Just to add to the answers above that all use Console.WriteLine: to change colour on the same line of text, write for example:

Console.Write("This test ");
Console.BackgroundColor = bTestSuccess ? ConsoleColor.DarkGreen : ConsoleColor.Red;
Console.ForegroundColor = ConsoleColor.White;
Console.WriteLine((bTestSuccess ? "PASSED" : "FAILED"));
Console.ResetColor();
7

A sample method to color multiple words at the same time.

private static void WriteColor(string str, params (string substring, ConsoleColor color)[] colors)
{
    var words = Regex.Split(str, @"( )");

    foreach (var word in words)
    {
        (string substring, ConsoleColor color) cl = colors.FirstOrDefault(x => x.substring.Equals("{" + word + "}"));
        if (cl.substring != null)
        {
            Console.ForegroundColor = cl.color;
            Console.Write(cl.substring.Substring(1, cl.substring.Length - 2));
            Console.ResetColor();
        }
        else
        {
            Console.Write(word);
        }
    }
}

Usage:

WriteColor("This is my message with new color with red", ("{message}", ConsoleColor.Red), ("{with}", ConsoleColor.Blue));

Output:

enter image description here

0
6

I developed a small fun class library named cConsole for colored console outputs.
Example usage:

const string tom = "Tom";
const string jerry = "Jerry";
CConsole.WriteLine($"Hello {tom:red} and {jerry:green}");

It uses some functionalities of C# FormattableString, IFormatProvider and ICustomFormatter interfaces for setting foreground and background colors of text slices.
You can see cConsole source codes here

3
  • Thanks - Quite nice. But I can't use is due to license concerns.
    – KarloX
    Commented Feb 11, 2022 at 11:19
  • Don't be concerned. Everyone can use it in anywhere without blaming me for future issues that may occur in production usage Commented Apr 21, 2022 at 16:39
  • I honestly don't know why this isn't upvoted a hundred times! This is really great, a nice elegant solution. Commented May 3, 2022 at 20:35
5

Yes, it is possible as follows. These colours can be used in a console application to view some errors in red, etc.

Console.BackgroundColor = ConsoleColor.Blue;
Console.ForegroundColor = ConsoleColor.White;//after this line every text will be white on blue background
Console.WriteLine("White on blue.");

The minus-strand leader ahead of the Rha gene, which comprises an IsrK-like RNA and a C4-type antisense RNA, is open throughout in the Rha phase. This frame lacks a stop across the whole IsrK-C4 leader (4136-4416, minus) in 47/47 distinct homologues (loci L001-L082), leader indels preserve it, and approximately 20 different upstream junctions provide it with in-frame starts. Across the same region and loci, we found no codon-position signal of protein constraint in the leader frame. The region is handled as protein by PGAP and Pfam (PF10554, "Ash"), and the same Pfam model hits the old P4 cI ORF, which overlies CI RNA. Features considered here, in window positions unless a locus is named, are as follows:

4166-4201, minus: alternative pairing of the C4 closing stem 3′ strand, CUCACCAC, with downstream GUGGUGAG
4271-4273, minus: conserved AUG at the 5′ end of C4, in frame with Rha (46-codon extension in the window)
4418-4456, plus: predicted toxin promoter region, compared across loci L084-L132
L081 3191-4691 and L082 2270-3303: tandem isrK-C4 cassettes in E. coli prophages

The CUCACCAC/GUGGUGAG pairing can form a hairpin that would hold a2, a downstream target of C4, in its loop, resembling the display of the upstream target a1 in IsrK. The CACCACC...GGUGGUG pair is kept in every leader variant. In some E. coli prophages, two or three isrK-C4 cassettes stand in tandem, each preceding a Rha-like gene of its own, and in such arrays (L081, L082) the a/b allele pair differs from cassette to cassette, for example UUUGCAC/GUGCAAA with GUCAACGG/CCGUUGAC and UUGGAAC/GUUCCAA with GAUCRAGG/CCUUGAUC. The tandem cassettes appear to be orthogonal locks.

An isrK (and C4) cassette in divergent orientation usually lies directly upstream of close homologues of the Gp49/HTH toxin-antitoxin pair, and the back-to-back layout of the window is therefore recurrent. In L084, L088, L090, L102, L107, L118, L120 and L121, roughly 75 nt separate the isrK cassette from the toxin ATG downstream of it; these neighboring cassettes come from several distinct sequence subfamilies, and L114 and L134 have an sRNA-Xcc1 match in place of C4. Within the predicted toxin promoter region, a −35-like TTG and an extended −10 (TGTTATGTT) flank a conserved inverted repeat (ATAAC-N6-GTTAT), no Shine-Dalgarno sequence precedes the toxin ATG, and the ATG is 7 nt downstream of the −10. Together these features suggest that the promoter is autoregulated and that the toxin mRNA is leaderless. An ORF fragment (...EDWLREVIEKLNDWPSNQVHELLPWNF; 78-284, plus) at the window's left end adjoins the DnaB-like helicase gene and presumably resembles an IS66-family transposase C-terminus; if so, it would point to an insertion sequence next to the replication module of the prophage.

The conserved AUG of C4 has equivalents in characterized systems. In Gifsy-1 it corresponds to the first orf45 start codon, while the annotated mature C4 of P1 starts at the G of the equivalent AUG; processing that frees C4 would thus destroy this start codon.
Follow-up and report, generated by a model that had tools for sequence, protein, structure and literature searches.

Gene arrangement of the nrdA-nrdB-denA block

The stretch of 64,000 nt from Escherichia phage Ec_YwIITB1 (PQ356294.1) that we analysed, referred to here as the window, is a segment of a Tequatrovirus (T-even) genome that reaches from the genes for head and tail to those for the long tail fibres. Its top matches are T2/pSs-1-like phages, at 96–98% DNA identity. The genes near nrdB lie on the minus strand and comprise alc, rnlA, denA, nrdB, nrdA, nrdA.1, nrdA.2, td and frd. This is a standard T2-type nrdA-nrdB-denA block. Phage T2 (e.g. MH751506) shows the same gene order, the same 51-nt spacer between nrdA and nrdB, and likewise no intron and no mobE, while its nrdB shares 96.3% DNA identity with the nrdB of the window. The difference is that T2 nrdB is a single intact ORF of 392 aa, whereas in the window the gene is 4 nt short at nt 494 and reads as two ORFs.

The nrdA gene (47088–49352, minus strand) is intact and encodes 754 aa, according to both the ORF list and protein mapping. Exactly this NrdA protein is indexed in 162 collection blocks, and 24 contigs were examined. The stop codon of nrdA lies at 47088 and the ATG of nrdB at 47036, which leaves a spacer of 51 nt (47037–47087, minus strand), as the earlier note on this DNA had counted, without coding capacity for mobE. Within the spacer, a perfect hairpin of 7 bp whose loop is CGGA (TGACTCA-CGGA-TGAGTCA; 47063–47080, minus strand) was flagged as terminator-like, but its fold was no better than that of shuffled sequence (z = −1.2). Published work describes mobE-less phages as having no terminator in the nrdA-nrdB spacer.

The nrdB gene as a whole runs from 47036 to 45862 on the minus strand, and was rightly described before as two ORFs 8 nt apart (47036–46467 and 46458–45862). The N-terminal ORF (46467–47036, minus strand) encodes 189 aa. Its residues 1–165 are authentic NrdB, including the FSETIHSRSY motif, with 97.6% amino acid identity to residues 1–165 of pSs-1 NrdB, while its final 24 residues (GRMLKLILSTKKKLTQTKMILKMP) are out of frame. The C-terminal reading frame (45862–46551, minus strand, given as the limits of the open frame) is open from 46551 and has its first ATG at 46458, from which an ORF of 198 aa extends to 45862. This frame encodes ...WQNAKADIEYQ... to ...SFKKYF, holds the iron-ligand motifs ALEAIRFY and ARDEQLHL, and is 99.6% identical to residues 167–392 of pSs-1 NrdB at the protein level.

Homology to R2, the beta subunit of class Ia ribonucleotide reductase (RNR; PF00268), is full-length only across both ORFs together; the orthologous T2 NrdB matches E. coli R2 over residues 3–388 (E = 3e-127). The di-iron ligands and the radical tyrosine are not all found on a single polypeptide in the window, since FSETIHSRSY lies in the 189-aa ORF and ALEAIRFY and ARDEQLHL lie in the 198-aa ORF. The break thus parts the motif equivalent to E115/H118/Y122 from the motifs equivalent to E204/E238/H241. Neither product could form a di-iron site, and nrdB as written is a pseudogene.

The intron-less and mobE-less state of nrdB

Console.WriteLine("Another line.");
Console.ResetColor();//reset to the defoult colour
2

With this simple C# code you can demonstrate all possible output colors and choose what you want.

enter image description here

Type type = typeof(ConsoleColor);
Console.ForegroundColor = ConsoleColor.White;
foreach (var name in Enum.GetNames(type))
{
    Console.BackgroundColor = (ConsoleColor)Enum.Parse(type, name);
    Console.WriteLine(name);
}
Console.BackgroundColor = ConsoleColor.Black;
foreach (var name in Enum.GetNames(type))
{
    Console.ForegroundColor = (ConsoleColor)Enum.Parse(type, name);
    Console.WriteLine(name);
}
0

I did want to just adjust the text color when I want to use Console.WriteLine(); So I had to write

Console.ForegroundColor = ConsoleColor.DarkGreen;
Console.WriteLine("my message");
Console.ResetColor();

every time that I wanted to write something

So I invented my WriteLine() method and kept using it in Program class instead of Console.WriteLine()

public static void WriteLine(string buffer, ConsoleColor foreground = ConsoleColor.DarkGreen, ConsoleColor backgroundColor = ConsoleColor.Black)
{
   Console.ForegroundColor = foreground;
   Console.BackgroundColor = backgroundColor;
   Console.WriteLine(buffer);
   Console.ResetColor();
}

and to make it even easier I also wrote a Readline() method like this:

public static string ReadLine()
{
   var line = Console.ReadLine();
   return line ?? string.Empty;
}

so now here is what we have to do to write or read something in the console:

static void Main(string[] args) {
   WriteLine("hello this is a colored text");
   var answer = Readline();
}